The ApocalyPS3 – When Good Networks Go Bad

You know, there’s a few lessons to be learned here.  Number one is that I’m writing this post because the Playstation Network is down, and number two is that Sony didn’t really do enough to communicate things effectively.  Let me set the stage.  After Canada’s stunning 3-2 overtime Olympic hockey win over the US, I decided to go online and play some Modern Warfare 2.  No dice.  I received an error message stating I had been logged out of the PSN.  Tried to play the solo campaign, and it still kicked me out of the game stating that my trophy information could not be sync’d.

Enter the internet.  I hopped online to research the error code, and saw on Gamespot Forums that pretty much everyone was getting this error.  No responses from Sony (not surprised, as it was not the official PSN forum).  Checked my e-mail account to see if Sony had sent an update.  None.  I even checked the PSN Blog, but prior to 8:30 PM there was no post.  Last channel, Twitter… Luckily I’m a Playstation follower, and yes, there was a tweet from the goodly folks at Sony. 

Look, I used to manage the network at my company, and yeah, network outages can happen.  The key is how they’re communicated and managed.  Not all PSN users are on Twitter, but we all had to register our e-mail address to join PSN.  Hmmm… If Star Wars Galaxies servers were all up for this period, surely Sony’s e-mail infrastructure would have been okay?  Later that evening, Sony added a Blog post to advise they were aware of the problem, and were working on identifying root cause.  That’s about 4.5 hours after the outage began, and it’s about 4 hours too late for my money.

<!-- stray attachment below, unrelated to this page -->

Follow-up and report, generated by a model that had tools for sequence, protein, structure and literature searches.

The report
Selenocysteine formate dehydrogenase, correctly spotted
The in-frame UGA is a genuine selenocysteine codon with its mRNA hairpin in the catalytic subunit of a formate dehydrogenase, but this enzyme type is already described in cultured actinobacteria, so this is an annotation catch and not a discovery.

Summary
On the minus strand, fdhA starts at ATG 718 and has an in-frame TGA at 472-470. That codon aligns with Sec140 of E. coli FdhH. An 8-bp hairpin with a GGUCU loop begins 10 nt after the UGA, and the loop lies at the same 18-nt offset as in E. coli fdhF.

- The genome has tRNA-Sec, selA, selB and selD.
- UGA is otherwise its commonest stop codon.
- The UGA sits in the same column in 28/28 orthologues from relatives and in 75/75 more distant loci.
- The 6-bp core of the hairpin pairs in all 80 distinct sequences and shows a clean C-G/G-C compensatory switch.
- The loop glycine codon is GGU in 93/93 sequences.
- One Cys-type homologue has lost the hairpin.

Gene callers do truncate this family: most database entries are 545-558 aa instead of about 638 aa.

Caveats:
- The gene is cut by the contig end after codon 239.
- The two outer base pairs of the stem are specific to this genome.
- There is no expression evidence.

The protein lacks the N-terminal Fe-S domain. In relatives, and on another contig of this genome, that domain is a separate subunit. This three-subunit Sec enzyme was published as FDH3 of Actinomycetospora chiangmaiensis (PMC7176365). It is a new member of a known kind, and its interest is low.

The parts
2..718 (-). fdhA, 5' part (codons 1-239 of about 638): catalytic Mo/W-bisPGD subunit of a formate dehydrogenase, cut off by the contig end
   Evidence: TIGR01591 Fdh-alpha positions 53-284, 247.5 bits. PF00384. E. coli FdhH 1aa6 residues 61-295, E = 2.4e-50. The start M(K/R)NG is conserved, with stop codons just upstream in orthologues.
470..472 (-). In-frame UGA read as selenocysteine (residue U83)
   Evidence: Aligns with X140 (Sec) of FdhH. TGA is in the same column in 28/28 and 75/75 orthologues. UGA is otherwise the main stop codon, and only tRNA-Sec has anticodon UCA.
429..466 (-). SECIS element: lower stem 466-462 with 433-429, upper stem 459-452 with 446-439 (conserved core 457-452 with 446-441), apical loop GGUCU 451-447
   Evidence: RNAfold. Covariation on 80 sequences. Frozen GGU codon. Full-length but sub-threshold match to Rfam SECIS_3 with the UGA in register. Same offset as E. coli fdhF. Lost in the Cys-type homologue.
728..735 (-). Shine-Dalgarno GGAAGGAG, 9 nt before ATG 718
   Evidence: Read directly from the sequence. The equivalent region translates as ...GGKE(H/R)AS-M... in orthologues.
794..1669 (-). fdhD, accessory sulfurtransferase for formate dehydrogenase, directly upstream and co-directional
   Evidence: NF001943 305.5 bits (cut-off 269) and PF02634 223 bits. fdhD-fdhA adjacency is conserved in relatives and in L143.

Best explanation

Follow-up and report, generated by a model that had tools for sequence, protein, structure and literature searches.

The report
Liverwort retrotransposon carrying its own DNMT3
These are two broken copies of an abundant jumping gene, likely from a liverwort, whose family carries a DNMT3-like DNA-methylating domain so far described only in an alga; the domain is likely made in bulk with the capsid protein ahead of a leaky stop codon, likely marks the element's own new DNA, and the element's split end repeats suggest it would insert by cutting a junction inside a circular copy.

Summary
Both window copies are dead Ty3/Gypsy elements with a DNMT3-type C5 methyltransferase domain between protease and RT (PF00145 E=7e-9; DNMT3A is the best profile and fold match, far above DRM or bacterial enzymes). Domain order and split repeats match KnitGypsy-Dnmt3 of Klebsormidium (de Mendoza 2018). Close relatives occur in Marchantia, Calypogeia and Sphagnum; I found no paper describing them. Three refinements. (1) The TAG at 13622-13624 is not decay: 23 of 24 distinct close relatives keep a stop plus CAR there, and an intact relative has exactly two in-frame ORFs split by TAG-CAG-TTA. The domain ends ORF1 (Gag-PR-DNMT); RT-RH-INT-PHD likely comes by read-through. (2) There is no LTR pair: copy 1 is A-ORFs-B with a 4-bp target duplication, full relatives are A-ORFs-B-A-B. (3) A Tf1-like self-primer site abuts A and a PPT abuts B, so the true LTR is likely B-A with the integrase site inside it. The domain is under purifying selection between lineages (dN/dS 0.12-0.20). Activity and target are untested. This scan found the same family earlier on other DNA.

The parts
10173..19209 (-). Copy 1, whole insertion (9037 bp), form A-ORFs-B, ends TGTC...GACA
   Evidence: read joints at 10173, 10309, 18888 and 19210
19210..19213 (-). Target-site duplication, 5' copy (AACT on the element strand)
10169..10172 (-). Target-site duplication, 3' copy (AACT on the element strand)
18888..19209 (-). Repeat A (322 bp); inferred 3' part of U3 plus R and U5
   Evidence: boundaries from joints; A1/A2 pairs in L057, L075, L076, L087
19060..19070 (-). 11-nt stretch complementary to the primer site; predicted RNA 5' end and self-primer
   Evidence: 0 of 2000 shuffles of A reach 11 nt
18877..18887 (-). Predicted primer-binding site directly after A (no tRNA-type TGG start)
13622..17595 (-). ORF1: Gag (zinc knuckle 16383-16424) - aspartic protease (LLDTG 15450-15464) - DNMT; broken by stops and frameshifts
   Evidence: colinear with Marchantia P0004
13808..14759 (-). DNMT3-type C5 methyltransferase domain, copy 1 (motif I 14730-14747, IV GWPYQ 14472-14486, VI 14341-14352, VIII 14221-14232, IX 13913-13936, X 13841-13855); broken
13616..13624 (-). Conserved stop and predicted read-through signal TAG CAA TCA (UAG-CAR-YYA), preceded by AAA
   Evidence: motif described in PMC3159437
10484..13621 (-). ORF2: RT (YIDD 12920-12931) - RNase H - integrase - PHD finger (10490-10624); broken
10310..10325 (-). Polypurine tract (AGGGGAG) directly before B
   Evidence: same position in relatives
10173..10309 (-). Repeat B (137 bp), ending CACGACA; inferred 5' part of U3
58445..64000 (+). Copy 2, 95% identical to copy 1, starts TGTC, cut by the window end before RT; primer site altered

This story does, however, illustrate a good use of social media to help communicate.  It was really interesting that Sony tweeted before it added a blog post to their own website, and apparently, instead of e-mailing at all.  Sony Playstation does, of course, market its wares on Twitter, and I’m okay with that, because I choose to receive these updates.  Still, this is a great example of where companies goes beyond just hawking how great its products are using 140 characters or less.  It’s about presence, and being online when your community needs you…

So, it’s 9:15 PM EST on March 1, 2010.  As I wrote this post, the ApocalyPS3 came to an end, and service restored.  People tweeted about its restoration now for over an hour.  Sony just posted a blog entry about 1 minute ago…  Not bad, Sony, but there’s room for improvement.